The whole-body levels of most essential trace minerals are maintained within a compatible range for optimum growth and function (Lall, 2002). Fish have the ability to absorb dissolved minerals from water; however, quantitatively, the diet forms the major source to satisfy the requirements (Bury, Walker & Glover, 2003), while entero-hepatic and renal systems play major roles in essential trace mineral homeostasis (Hambidge, 2003; Wood, 2011). Gastrointestinal absorption is the major site of regulation for Fe, Cu, Mn and Zn, along with hepato-biliary excretion, except for Fe; whereas for Se and iodine, the major site of regulation is the kidney (Hambidge, 2003). Nutritive trace mineral uptake is actively regulated at the site of intestinal absorption and is highly influenced by interactions between other dietary components (Bury, Walker & Glover, 2003). The reduction in the AAC of Cu, Mn and Zn with highest NP inclusion in groups 200% and 400%; and inverse correlation between Zn and Se AAC values were in accordance with it. The requirement estimate (mean ± SE, mg/kg) obtained for Atlantic salmon parr in freshwater based on AAC as criteria were Cu, 2.8 ± 0.5; Mn, 13.6 ± 1.5 and Zn, 45.4 ± 10.7; the corresponding NRC (2011) recommendations for Atlantic salmon are Cu, 5; Mn, 10; and Zn, 37. In this regard, the requirement estimates (on available basis) for Cu, Mn and Zn obtained using the response of AAC were in agreement with the estimates presently recommended by NRC (2011). Despite intestinal trace mineral uptake being a well-regulated process, AAC as a criterion to determine requirement can be less reliable, especially with micro-minerals due to the entero-hepato-biliary circulation and associated endogenous excretions through the faeces. Therefore, whole-body concentration or retention, a relatively well-accepted approach to determine mineral requirement was also used (Shearer & Asgard, 1990; Shearer, 1995). Reduction in whole-body retention of Cu, Mn and Zn at higher NP (200 and 400%) levels confirmed the response of AAC, indicating that the requirement for Cu, Mn and Zn had been met with 100–150% NP levels for Atlantic salmon parr in freshwater, which are in agreement with recent reports in rainbow trout fed low fish meal diets (Read et al., 2014; Welker et al., 2016; Antony Jesu Prabhu et al., 2018a; Welker et al., 2018). Iodine requirement was met only at NP inclusion of 150–200%, indicating a requirement of 0.83 ± 0.16 mg iodine per kg diet for Atlantic salmon parr in freshwater, which is slightly lower but in close agreement (1-1.1 mg/kg diet) with the requirement reported in other salmonids, such as rainbow trout and Pacific salmon, Oncorhynchus spp (NRC, 2011).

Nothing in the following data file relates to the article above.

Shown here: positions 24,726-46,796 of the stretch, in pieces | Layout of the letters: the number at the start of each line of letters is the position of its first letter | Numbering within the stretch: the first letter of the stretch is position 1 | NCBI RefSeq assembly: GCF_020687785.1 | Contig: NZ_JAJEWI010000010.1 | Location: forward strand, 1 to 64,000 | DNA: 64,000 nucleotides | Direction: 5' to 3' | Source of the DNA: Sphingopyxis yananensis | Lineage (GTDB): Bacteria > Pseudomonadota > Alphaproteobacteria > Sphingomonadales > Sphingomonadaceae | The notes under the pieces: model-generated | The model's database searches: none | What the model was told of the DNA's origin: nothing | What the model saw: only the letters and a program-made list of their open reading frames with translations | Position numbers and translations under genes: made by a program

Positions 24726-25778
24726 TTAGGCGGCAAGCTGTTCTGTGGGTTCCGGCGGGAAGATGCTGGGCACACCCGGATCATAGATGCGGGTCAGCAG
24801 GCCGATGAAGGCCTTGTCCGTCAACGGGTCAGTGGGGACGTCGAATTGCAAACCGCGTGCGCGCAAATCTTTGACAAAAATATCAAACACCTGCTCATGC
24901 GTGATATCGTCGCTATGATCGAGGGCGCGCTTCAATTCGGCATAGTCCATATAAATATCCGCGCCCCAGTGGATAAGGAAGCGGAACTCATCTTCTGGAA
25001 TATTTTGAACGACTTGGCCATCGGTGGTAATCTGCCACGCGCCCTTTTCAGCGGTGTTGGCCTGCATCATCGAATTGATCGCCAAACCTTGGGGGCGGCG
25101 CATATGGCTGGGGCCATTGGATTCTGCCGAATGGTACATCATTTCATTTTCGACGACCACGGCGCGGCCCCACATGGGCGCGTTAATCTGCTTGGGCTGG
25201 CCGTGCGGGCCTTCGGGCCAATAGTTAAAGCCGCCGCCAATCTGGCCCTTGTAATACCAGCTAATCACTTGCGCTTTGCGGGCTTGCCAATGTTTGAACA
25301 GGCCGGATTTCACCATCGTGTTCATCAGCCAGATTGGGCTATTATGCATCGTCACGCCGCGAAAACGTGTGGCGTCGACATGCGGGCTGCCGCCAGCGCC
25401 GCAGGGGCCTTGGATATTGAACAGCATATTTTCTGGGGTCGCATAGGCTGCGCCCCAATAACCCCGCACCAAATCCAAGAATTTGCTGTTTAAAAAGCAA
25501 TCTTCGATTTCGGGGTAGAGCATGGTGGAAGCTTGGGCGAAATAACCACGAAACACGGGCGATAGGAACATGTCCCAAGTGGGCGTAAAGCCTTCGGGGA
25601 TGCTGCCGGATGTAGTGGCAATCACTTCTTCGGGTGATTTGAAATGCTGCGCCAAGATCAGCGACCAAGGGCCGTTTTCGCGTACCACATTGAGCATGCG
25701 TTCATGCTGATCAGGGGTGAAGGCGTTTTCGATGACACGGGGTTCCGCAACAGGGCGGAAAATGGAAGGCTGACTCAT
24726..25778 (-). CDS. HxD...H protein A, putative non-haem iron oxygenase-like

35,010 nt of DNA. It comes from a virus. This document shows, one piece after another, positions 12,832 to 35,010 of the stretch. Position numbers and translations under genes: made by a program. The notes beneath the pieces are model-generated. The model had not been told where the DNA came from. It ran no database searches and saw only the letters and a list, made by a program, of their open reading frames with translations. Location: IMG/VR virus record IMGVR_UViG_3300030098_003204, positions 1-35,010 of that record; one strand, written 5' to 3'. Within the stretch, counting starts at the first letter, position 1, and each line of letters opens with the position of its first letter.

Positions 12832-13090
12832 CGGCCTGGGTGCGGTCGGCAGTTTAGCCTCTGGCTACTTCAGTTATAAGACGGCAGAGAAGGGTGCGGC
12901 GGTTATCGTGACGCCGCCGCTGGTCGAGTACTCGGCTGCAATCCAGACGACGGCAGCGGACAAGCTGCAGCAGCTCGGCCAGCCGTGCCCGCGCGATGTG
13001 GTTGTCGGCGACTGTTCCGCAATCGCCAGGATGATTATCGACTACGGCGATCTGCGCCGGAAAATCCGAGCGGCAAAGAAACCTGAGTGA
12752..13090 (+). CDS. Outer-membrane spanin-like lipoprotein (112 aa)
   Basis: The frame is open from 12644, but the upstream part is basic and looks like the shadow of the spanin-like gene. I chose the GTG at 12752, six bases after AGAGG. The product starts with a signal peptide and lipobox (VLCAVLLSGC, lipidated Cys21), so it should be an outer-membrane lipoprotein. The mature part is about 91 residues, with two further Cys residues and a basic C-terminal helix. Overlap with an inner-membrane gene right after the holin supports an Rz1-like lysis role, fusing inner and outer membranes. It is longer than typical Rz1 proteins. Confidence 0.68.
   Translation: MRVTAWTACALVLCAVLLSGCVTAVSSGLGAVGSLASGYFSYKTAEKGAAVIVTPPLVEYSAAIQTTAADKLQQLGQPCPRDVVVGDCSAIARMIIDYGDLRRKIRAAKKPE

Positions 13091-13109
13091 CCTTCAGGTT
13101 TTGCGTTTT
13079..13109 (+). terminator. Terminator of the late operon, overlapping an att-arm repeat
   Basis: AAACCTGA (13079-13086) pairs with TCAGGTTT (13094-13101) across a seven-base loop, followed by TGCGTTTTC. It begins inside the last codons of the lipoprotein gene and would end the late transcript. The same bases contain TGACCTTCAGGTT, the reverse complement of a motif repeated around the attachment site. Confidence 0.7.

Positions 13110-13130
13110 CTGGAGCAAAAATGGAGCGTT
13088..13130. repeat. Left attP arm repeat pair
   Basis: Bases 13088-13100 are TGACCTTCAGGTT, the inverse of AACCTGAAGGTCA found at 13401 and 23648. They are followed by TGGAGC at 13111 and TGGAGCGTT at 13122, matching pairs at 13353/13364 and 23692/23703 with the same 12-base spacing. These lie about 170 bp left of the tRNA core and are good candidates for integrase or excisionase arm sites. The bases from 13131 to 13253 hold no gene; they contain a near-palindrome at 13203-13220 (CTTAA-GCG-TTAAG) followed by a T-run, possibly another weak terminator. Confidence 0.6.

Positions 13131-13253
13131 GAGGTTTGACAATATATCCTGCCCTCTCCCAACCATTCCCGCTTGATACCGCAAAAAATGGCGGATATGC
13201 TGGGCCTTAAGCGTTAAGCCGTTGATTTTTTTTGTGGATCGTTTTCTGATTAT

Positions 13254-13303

|0 NP||25 NP||50 NP||100 NP||150 NP||200 NP||400 NP||Pooled SD||Regressiona|
|Trial 1 (Freshwater, Parr)|
|Trial 2 (Seawater, post-smolt)|
|Vit. D3||0.16||0.16||0.16||0.19||0.2||0.19||0.2||0.01||R2 = 0.69 (N)|
Initial levels before the start of the trial (analyzed on triplicate samples, each consisting of 5 pooled fish), mean with SD in parenthesis: Trial 1, 0.05 (0.00); Trial 2, one pooled sample.
|Mineral||Criterion||Estimated dietary level||95% CL||R2||available basis||Estimated dietary level||95% CL||R2||available basisa||NRC (2011)|
|Cu||Whole body||12.7 ± 7.7||–||0.3||3.2 ± 1.9||13.4 ± 1.7||9.7–17.1||0.47||5|
|Availability||11.2 ± 1.8||7.1–15.2||0.64||2.8 ± 0.5|
|Mn||Availability||59 ± 6.5||44.1–74||0.8||13.6 ± 1.5||10|
|Se||Vertebrae||0.79 ± 0.11||0.63–0.93||0.81||0.15 (R.T)|
|Zn||Retention||158 ± 17||120–197||0.67||37|
|Availability||110.8 ± 26||53.1–168.5||0.73||45.4 ± 10.7|
|I||Whole body||0.83 ± 0.16||0.3–1.6||0.77||–||1.1 (R.T), 1 (P.S.)|
|Vit D3||Whole body||0.08 ± 0.01||0.05–0.11||0.69||0.04 (R.T)|
Three models (BL1, BL2 or QP) were compared and the requirement estimate generated from the best-fit model (higher R2) is presented in the table. BL1, broken-line with plateau; BL2, broken line with 2 slopes; and QP, quadratic plateau model. The estimate obtained were converted to available basis using the mean of apparent availability coefficient of NP0 to NP150 and compared with the recommendation reported in NRC (2011). R.T, rainbow trout; P.S, Pacific salmon.